However, due to the impression he made in the beginning, the class never forgets that he has the authority. He can be very distant and simply enforce the rules. Thus, he is able to both engage and enrich the students without losing control.

That is been a very valuable lesson in the corporate world, for in essence, an office is simply an evolution of the classroom -- often with less crayons -- but the politics and dynamics are similar. Thus, in the beginning, consider how you want to establish yourself. Who do you want to be, and how do you want to be regarded? Then, treat yourself accordingly, and you will make that impression on the rest of your new colleagues -- building momentum in that direction.

How do you get politically savvy on the job.

Active listening. Pay attention not only to the content of people's presentations, but the tones of their voice and body language.

I was working for a Major UK Retailer on a contract project and spent several months embedded with one of their Large Corporate Units. The politics were very subtle, as the culture was designed to promote collaboration and active contribution by all team members. Thus, in meetings, the leader would address each person individually, hear their thoughts, take copious notes, and repeat. Yet, later, it was obvious that some ideas were 'listened to' more than others.

The subtleties began becoming obvious. The leader would arrive to the meeting room twenty minutes before the scheduled time -- indeed, the meeting rooms had been arranged for thirty minutes before the start of the meetings. And he would sit with his notes, and silently work. I began working alongside of him, as we had quite tight deadlines and a great degree of interaction was required. Before the meeting, a few members of senior staff would come in, and have brief chats. Very short, just a minute or three. They would run their draft ideas by him, and he would give them a sentence or two of feedback.

It wasn't hard to see the connection between those managers and the ideas that were later accepted. And he did not announce that he would be in the meeting room twenty minutes early, and for anyone keen on feedback to drop in. He just did it.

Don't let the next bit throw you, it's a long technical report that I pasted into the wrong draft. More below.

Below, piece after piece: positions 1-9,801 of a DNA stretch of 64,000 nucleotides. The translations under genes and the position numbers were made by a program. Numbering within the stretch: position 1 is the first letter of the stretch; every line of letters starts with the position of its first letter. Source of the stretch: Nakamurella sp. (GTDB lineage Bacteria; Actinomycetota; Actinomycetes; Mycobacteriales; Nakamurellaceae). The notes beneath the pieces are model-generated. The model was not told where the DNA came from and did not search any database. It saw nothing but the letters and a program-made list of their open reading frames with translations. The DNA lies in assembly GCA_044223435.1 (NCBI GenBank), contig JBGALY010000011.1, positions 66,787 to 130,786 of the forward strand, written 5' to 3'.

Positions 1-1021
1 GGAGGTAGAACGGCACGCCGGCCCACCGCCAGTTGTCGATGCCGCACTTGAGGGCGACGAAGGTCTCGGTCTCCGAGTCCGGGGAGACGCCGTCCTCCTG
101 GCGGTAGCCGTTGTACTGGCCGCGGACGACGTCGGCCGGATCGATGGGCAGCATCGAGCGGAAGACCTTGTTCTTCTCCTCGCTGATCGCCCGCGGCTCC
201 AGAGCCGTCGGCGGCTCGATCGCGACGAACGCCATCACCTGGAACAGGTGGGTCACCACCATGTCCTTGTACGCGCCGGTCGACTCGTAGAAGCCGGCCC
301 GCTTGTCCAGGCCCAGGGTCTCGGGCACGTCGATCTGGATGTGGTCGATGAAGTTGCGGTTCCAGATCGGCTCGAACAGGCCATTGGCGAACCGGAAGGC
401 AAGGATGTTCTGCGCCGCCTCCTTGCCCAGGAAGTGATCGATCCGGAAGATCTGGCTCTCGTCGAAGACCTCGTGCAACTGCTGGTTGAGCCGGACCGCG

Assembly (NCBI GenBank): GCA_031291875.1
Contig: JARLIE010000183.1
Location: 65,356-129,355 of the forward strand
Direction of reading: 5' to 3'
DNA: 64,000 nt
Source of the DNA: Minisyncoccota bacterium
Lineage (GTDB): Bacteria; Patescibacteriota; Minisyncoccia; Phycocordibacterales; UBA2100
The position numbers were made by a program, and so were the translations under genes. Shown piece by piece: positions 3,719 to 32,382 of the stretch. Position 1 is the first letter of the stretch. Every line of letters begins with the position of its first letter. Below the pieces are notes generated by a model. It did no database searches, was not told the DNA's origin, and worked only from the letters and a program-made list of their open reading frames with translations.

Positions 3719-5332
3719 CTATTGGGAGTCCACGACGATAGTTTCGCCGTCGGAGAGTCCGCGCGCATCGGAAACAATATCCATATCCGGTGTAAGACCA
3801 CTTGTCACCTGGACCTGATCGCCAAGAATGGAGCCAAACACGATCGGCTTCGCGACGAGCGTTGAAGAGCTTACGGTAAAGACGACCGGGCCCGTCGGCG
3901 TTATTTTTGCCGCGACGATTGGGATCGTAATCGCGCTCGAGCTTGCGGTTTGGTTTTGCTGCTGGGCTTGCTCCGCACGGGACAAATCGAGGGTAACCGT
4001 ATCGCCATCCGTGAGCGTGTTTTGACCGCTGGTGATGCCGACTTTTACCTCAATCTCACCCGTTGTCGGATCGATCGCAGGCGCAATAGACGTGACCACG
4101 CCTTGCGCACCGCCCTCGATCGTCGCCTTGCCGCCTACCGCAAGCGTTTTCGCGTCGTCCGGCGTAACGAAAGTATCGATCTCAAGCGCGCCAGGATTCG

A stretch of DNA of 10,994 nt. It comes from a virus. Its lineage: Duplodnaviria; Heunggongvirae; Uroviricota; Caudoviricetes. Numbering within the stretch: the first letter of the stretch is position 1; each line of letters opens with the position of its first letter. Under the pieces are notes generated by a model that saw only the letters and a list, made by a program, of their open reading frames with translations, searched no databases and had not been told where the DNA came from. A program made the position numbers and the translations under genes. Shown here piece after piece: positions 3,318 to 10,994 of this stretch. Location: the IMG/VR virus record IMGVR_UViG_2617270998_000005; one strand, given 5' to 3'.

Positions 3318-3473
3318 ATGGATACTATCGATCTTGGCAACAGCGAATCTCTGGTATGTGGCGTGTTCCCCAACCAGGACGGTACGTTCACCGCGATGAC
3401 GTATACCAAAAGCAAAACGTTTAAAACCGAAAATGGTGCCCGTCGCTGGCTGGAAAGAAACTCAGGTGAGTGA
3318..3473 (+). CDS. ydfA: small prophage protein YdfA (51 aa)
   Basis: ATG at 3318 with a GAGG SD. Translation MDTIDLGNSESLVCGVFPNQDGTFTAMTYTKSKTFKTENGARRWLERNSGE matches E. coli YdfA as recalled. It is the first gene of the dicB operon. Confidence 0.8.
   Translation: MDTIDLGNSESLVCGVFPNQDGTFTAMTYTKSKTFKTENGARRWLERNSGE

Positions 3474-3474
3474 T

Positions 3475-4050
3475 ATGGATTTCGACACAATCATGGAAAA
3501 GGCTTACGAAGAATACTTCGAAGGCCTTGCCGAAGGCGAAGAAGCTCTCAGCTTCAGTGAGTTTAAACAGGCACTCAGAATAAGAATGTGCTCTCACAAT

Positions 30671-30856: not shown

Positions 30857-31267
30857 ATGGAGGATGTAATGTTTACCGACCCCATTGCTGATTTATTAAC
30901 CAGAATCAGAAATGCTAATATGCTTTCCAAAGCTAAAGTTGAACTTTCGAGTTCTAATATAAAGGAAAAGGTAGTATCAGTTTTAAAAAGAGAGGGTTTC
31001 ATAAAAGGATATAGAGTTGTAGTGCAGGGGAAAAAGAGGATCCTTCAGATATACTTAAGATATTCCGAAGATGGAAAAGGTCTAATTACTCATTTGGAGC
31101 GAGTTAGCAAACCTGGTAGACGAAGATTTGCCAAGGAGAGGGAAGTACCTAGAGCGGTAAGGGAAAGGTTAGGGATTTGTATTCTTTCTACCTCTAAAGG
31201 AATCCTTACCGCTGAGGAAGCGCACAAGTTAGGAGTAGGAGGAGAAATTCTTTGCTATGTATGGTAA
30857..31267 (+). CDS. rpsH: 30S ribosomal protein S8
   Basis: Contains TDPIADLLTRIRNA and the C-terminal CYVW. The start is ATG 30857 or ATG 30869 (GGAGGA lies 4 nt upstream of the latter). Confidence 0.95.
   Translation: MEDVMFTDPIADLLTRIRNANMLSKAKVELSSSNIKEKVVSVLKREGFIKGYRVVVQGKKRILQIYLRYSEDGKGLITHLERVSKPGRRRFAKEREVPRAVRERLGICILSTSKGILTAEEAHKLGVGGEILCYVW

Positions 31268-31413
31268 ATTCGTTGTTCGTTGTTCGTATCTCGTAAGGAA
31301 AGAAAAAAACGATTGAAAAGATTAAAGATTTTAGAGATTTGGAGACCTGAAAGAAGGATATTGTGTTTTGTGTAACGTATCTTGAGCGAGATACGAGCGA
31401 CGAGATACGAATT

So that was the first dimension. The second dimension of politics are the informal processes that surround it. When we had those workshop meetings, the same people that would come ahead of the meetings sat together. They often were having coffee in the canteen together. They traded knowledge and information. They could have easily said to the other people in the room, the way to get your idea across, was to come early and pitch it, but they did not. Thus, the subtleties of corporate gossip. Informal alliances form, and these alliances are almost equally as important as formal reporting lines.

Through active listening, you will begin to see the patterns and connections. On another consulting project, the senior manager absolutely loved golf. He had clubs in his office. His assistant made the point that he loved the iPad for following golf matches. So you talk to the guy about golf. I didn't play golf at the time, but I absolutely love golf courses. I had recently stayed at a golf course in Cannes, France, and thus talked to him about that course, and Cannes itself. From there, we spoke often about France. He would find me in the canteen, and tell me about his most recent weekend in France, and did I have any recommendations for his next trip. Thus building the informal power.

He never showed gross favouritism in the office, however, he would call me on the weekend for a bit of a chat about the Loire Valley, and drop in who he thought were the problem people on the project, and give a detail or two about how he managed them, and what would they would pass along.

Active listening will reveal the world to you. Pay attention to people, get to know them. The final moment is when you ask them for something -- the beginning of the favour cycle. Usually, you start with something innocuous -- dropping something off or booking a meeting room. That small test will let you know where you sit with them.